Check out the latest film camera review, this time it's the swell Kodak HD power flash model. True artists will appreciate this little marvel far more than any digital delight, as it produces an original image that you can hold in your hand and of course cherish for a lifetime!!
All things considered, it's a fun camera, and takes decent snaps, see the full size samples inside the review.
Greetings from the corner of Mugsford and Washington st! I thought I'd display another sample from my glass plate negative collection, (this one is tiny for back in the day, but considered large by today's standards), it measures exactly 2¼ x 3¼" (6x9). Our Georgian style Isaac Mansfield designed subject is The Old Town house in Marblehead Massachusetts, built in 1727, more info here. I'm guessing the image was probably taken in the teens to early 1920s as the car on the left suggests; looks like a
So says the box of the iconic Crapsey designed Kodak Brownie Hawkeye. I reviewed this camera about 8 years ago on the old site, and it still gets quite a few reads after all these years. The little Hawkeyes are a lot of fun, and very simple to use; look through the viewfinder, and press the shutter button!! Go to the review to see how to get the best out of the Kodak Brownie Hawkeye. I've also covered how to take them apart for cleaning and fixing any problems; this is about as simple as a camera gets. They're pretty inexpensive on ebay; get one for about $5-15 plus shipping.
Although not really a 're-post' to this site, I did freshen it up by formatting the article properly, adding a couple more large images, making some corrections based on additional use, and added some links for the camera, and 620 film, which is making a comeback!
I've updated the Fuji GSW690III 65mm F/5.6 review to reflect more thorough use and additional knowledge, which includes correcting a few minor errors. I've also added a couple of pictures and made direct links to full size images. With the right film, this camera will easily out resolve any current Sony camera, or Nikon and Canon for that matter, So if you're looking for a lot of resolution and have a good solid grasp of film use, these Fuji models are the ones to get.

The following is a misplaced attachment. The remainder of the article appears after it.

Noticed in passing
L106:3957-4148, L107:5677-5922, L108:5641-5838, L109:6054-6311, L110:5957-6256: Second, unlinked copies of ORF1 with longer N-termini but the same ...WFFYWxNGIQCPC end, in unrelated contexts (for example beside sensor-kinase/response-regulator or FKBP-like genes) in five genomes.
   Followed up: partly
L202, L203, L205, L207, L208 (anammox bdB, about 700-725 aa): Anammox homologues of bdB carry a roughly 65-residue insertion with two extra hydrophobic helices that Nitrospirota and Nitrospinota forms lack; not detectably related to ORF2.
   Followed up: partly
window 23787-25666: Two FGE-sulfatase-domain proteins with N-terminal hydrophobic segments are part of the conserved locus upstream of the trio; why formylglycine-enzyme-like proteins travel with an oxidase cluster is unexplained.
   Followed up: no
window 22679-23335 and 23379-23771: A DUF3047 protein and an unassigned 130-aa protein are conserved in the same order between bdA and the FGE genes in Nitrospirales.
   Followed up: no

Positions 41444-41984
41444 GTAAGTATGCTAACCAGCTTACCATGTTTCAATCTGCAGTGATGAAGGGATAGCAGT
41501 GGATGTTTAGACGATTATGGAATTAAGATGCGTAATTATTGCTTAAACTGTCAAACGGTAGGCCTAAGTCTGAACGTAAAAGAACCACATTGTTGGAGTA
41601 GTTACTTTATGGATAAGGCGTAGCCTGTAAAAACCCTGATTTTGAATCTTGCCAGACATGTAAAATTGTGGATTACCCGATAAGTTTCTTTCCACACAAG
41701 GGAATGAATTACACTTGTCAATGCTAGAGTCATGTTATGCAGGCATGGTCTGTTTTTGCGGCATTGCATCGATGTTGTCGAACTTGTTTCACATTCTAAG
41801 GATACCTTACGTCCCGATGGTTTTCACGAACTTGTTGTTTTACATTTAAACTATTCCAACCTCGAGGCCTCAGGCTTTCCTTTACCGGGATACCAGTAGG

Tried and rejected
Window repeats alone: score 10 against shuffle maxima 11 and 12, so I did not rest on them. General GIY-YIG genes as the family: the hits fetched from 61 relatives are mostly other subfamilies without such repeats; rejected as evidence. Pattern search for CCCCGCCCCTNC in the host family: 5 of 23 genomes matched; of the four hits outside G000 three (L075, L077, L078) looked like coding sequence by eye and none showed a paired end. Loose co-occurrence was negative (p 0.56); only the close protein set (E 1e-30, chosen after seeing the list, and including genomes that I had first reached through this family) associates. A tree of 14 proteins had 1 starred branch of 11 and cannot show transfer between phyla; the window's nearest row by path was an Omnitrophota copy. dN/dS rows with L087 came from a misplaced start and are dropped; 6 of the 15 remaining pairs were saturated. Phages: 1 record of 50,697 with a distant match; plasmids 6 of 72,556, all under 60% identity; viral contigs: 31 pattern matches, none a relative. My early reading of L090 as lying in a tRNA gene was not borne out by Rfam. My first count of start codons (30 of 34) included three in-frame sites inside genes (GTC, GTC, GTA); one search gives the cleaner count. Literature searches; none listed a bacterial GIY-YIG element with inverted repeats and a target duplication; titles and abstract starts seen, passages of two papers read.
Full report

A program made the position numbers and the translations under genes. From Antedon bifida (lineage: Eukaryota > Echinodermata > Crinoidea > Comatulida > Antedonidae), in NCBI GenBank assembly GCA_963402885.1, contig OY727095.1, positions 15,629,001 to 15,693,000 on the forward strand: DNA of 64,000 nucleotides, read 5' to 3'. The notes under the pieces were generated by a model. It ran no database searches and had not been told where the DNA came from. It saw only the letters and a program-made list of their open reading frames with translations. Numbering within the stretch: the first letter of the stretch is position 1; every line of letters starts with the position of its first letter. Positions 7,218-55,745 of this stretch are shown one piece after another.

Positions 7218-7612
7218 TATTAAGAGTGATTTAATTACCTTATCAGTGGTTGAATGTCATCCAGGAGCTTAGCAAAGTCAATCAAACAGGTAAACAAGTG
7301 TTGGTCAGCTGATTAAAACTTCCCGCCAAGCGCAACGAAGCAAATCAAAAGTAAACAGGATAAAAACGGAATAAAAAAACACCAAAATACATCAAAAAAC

There are two basic models, one with a 65mm F/5.6 lens, the other has a 90mm F/3.5. The 65mm is wide angle in 6x9 format, it covers about the same as a 28mm in 135 format (or 35mm camera), the 90mm is a more 'normal' lens, covering about 41mm in 135 format.
Check out the full review; oddly, it's the most popular page on the site, that's why I've updated it!
Come on in and check out our folding and box cameras, enlargers, splicers and photographic publications, especially the ones on the top shelf. While you're here, don't forget that post card Kodak 122 film, or maybe a roll film developing kit?
This wonderful Moulin studio image was taken inside a Camera Craft store in San Francisco, CA on April fools day 4/1, 1938 for Mr E.R. Young. I bought this 8x10" Defender Safety base negative and scanned it on an Epson flatbed scanner. Amazing how sharp the image is using 80 year old technology; you'd be hard pressed to get more resolution from a modern day high end digital camera.
As I look at the products for sale back then, I'm reminded that I own quite a few of them now, my collection contains many of the folding cameras you see on the shelves in the back, and the Kodak Rangefinder, extinction meters, filters etc in the display cases below the cameras....
“Where there’s fun, there’s a snapshot.” The Kodak Brownie Hawkeye camera was very popular back in the 1950s, and sold like hot-cakes for over a decade. They were cheap, easy to use, and produced sharp 3½ x 3½ prints from about 10′ to infinity with the non-focusing, internal meniscus lens. Baby Boomers and even younger people are getting acquainted …